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Downtown and Derek

Last edit: wpsteel66 on Sunday, 10th July 2016 3:44 pm
Last response by levans 17th July 1:18am

A well-written article discussing the revitalization of downtown Vegas has been published in the August 2016 issue of Cigar Aficionado. However, the article primarily focuses on Derek Stevens, his history, all that he has done for downtown Vegas, and his future plans. The article also includes Tony Hsieh (founder of Zappos and involved with Downtown Container Park). The article does mention these two are collaborating on a few projects, even though they have completely different businesses (gambling vs. no gambling). Both have a strong desire to turn downtown into a major destination.

I never met Derek. Throughout the year we read a post or other comments referring to Derek, especially his involvement in VIMFP. When I finally make the effort to get back downtown, I will definitely patronize Derek’s properties.

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 levans responded on Wednesday, 13th July 2016

Downtown has become a major destination. My first trip to Vegas in years took me there with a buddy and we stood at the end of Fremont and it looked dark and sketchy. That is no longer the case. Now there is a vibrant stretch of bars and dining options. The two have different business models but both care about downtown a lot. And Derek is a very nice guy.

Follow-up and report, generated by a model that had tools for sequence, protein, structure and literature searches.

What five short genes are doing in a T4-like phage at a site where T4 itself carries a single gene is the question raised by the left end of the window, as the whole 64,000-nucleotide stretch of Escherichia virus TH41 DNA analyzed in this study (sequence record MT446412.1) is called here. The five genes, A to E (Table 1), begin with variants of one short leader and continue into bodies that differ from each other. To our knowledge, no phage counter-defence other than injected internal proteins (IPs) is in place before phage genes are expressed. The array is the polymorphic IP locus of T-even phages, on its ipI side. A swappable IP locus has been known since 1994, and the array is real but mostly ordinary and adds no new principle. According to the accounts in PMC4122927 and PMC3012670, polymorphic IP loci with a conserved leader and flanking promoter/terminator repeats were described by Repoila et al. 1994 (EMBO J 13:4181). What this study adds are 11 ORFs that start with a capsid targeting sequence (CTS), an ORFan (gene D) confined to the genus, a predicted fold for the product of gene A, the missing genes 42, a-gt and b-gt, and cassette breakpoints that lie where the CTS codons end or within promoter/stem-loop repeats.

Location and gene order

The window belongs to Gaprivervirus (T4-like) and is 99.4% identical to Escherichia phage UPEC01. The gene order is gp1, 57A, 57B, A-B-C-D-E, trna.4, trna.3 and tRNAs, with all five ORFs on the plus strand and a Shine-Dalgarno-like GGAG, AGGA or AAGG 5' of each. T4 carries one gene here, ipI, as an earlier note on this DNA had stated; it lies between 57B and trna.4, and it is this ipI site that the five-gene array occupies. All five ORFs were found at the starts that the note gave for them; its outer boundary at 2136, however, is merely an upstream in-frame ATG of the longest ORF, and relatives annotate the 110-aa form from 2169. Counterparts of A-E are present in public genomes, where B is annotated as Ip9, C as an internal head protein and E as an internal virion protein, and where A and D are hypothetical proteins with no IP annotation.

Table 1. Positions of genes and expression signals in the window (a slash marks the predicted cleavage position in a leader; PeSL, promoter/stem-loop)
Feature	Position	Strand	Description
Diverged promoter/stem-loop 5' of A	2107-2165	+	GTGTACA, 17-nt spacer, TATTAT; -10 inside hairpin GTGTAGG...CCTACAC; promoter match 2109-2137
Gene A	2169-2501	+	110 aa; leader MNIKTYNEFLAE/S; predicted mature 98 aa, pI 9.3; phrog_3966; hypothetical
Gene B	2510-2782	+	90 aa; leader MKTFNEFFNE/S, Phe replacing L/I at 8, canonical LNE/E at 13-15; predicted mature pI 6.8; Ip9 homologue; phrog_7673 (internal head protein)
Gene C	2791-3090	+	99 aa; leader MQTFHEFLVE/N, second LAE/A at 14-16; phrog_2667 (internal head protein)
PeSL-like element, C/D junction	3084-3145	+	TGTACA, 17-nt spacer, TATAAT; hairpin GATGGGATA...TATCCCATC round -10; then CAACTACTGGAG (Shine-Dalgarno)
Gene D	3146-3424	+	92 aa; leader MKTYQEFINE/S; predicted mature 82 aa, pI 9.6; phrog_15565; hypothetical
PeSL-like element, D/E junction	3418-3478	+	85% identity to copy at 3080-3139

vespajet responded on Thursday, 14th July 2016

In some respects both Derek Stevens and Tony Hseih are this decade's version of Jackie Gaughan. We all know about the various casinos he owned Downtown for many years, but what is often forgotten about is that he owned at one point a quarter of the land Downtown. Some of that land was included in the deal in which he sold nearly all of his casinos to Barrack and Tamares, and Tamares did sell some of that land over the years (One such parcel is the old hotel that sits on Main Street next to the Golden Gate and Golden Nugget, which was sold to a subsidiary of Landry's.).

I've not been a huge supporter of the Downtown Project over the years because I just haven't like the way they've run some longtime businesses from Downtown neighborhoods. In some cases, they themselves had nothing to do with it, rather some property owner trying to get them to buy them out or attract businesses willing to pay higher rents. You cannot create a sense of community by forcing it onto people.

With the recent purchases and closing of La Bayou, Mermaid's and Girls of Glitter Gulch, there have been some commenters online lashing out against Derek Stevens and his "monopoly". They seem to forget that Boyd Gaming has owned three properties Downtown for quite a few years and that at one point Jackie Gaughan owned the Plaza, Las Vegas Club, Western, Gold Spike, Hotel Nevada, and El Cortez. Some folks obviously wish the hotels on Fremont Street were still barely a step or two above flophouse as they complain about the room rates these days.

 levans replied on Sunday, 17th July 2016

I agree. Room rates were low because no one wanted to stay at most of the places on Fremont. If you arrive in Vegas and take a shuttle to get to your hotel getting downtown costs more because it's off the beaten path. And being that far away from the Strip means the properties have to be of the same standard as a three star Strip hotel and in the minds of some visitors a four star hotel.